Stoke City’s 10-year stay in the Premier League ended in dismal fashion. The first side relegated this term, their drop to the Championship was confirmed by a 13-game winless run.
After a campaign most Potters fans would prefer to forget, we take a look at what the Staffordshire club could – and should – do next…
Stick or switch with experienced Lambert?
The Potters’ mid-season gamble in the dugout didn’t work out – at least in the short term. Paul Lambert won just two of his 15 games at the helm, and one of those came in the final-day dead rubber at Swansea City.
However, despite an underwhelming four months at the helm so far, there’s reason to think he could be the right man to revive their fortunes. For the next 12 months, at least.
The Scot’s record as a top-flight manager isn’t brilliant, but he did win successive promotions from League One to the top-flight as Norwich City boss.
With the time to revitalise an underperforming and disillusioned squad at Carrow Road, the 48-year-old worked wonders. The question is, has he done enough at Stoke to suggest he could repeat the feat?
Clearing out the deadwood…and potential targets
Stoke stalwart Charlie Adam didn’t mince his words following relegation. The veteran midfielder told media, “I think some players have been getting away with murder for a long time”, and that “A lack of discipline from certain players has been embarrassing.”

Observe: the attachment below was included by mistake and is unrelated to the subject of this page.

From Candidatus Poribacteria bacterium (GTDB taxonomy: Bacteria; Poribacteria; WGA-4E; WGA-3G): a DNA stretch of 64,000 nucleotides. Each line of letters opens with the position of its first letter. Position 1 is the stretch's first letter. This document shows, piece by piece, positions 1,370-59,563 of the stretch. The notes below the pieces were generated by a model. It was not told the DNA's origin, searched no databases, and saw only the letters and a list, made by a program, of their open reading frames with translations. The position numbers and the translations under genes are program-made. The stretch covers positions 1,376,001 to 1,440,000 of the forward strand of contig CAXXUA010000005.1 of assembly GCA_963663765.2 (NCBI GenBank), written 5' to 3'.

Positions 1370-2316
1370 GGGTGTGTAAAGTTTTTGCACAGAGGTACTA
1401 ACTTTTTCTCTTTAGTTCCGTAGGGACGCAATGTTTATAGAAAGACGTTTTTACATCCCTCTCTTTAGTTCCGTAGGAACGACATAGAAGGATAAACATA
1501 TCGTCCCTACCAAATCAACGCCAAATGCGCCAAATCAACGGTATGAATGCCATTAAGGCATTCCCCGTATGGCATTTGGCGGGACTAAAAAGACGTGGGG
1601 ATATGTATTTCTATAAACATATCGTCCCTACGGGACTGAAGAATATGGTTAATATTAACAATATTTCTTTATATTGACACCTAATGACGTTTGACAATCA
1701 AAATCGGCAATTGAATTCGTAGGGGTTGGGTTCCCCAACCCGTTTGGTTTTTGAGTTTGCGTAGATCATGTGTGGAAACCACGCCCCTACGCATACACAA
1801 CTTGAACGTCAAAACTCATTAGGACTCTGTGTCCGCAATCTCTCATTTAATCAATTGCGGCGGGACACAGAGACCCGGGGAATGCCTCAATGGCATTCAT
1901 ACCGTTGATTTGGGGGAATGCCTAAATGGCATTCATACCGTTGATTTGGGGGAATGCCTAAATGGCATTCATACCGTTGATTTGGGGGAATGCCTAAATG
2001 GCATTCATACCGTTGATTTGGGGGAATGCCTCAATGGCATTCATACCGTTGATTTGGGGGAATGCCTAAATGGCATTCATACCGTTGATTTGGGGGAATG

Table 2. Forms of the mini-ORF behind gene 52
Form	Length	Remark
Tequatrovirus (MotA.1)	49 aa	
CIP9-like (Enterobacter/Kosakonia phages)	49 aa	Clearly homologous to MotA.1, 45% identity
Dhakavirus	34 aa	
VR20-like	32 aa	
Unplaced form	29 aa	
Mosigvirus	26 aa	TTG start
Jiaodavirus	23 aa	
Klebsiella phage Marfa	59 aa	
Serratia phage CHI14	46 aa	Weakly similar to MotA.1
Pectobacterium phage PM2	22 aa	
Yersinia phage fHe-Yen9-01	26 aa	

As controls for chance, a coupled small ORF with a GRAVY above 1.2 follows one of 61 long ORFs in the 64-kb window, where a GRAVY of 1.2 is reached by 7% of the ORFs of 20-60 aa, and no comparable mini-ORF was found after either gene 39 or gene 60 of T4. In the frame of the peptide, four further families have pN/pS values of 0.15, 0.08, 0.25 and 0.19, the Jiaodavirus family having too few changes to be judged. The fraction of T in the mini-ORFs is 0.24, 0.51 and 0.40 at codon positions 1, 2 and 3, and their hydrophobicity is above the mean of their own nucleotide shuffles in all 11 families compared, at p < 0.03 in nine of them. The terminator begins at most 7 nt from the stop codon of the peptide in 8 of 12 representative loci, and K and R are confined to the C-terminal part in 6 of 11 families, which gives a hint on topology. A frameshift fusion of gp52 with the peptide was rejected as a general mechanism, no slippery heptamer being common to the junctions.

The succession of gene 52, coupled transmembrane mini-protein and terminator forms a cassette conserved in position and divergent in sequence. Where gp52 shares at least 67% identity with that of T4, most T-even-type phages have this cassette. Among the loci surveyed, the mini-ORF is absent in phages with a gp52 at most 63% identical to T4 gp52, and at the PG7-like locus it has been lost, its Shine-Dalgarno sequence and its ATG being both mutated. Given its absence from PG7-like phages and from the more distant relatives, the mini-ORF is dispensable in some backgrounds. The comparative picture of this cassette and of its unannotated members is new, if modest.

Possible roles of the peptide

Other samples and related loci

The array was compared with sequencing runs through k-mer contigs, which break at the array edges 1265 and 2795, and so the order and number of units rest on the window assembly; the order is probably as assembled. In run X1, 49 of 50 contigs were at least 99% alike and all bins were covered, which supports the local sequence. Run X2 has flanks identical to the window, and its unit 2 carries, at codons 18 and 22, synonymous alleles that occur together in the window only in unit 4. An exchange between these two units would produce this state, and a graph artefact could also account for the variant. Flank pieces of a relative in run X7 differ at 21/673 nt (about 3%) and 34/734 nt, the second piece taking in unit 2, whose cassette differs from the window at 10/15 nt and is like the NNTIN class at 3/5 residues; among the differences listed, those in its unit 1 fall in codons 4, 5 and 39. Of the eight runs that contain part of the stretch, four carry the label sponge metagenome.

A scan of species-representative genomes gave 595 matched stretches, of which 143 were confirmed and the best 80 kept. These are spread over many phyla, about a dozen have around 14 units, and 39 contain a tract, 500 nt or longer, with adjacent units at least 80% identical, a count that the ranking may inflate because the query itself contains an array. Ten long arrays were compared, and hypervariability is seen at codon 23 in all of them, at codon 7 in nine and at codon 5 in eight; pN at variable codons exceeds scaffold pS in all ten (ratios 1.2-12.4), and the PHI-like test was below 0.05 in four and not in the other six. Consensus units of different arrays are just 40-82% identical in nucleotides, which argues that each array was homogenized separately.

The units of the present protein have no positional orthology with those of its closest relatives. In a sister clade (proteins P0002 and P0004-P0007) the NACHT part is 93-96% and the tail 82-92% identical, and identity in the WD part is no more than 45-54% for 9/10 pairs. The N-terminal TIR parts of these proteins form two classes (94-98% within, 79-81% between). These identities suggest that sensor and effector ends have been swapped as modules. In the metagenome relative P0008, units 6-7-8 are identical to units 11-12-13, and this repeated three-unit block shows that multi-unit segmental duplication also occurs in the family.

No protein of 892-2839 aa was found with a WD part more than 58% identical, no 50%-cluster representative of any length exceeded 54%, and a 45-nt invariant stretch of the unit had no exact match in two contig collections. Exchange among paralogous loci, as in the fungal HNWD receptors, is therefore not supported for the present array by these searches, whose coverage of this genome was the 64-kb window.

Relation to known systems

When that’s the indictment from inside the squad, it’s fair to say there are more than a few players that Lambert – or whoever has the reigns this summer- should turf out.
Following a grand total of zero goals and one assist in 30 games, ‘striker’ Saido Berahino should be moved on. So too the disruptive Ibrahim Afellay and now perennial loanee Bojan Krkic – who’s hardly the lowest earner in the Potteries.
They’ll also need to find long-term replacements for the likes of Darren Fletcher and Peter Crouch, both of whom are some years past their 30th birthdays. The latter looks likely to stay for the time being, but is very much in the twilight of his career.
While potential targets depend largely on who spends the summer as Stoke boss, reinforcements are needed across the park – but especially in midfield. And a few players with promotion experience who still have some pace and physicality in their locker certainly wouldn’t go amiss.
They can’t afford to chop and change as much
While Stoke’s players did underperform in 2017-18, it wasn’t entirely their fault. For much of the campaign, Mark Hughes markedly changed the side’s formation from each game to the next – and nobody seemed to understand their role.
Between October’s trip to Manchester City and December’s loss at Burnley, they played 10 different systems in as many games – never getting used to a single one.
It happened to a lesser extent under Lambert, but the Potters still looked uncertain at best and disorganised at worst. Whoever is at the helm in the coming campaign needs a firmer idea of both their starting XI and preferred system.
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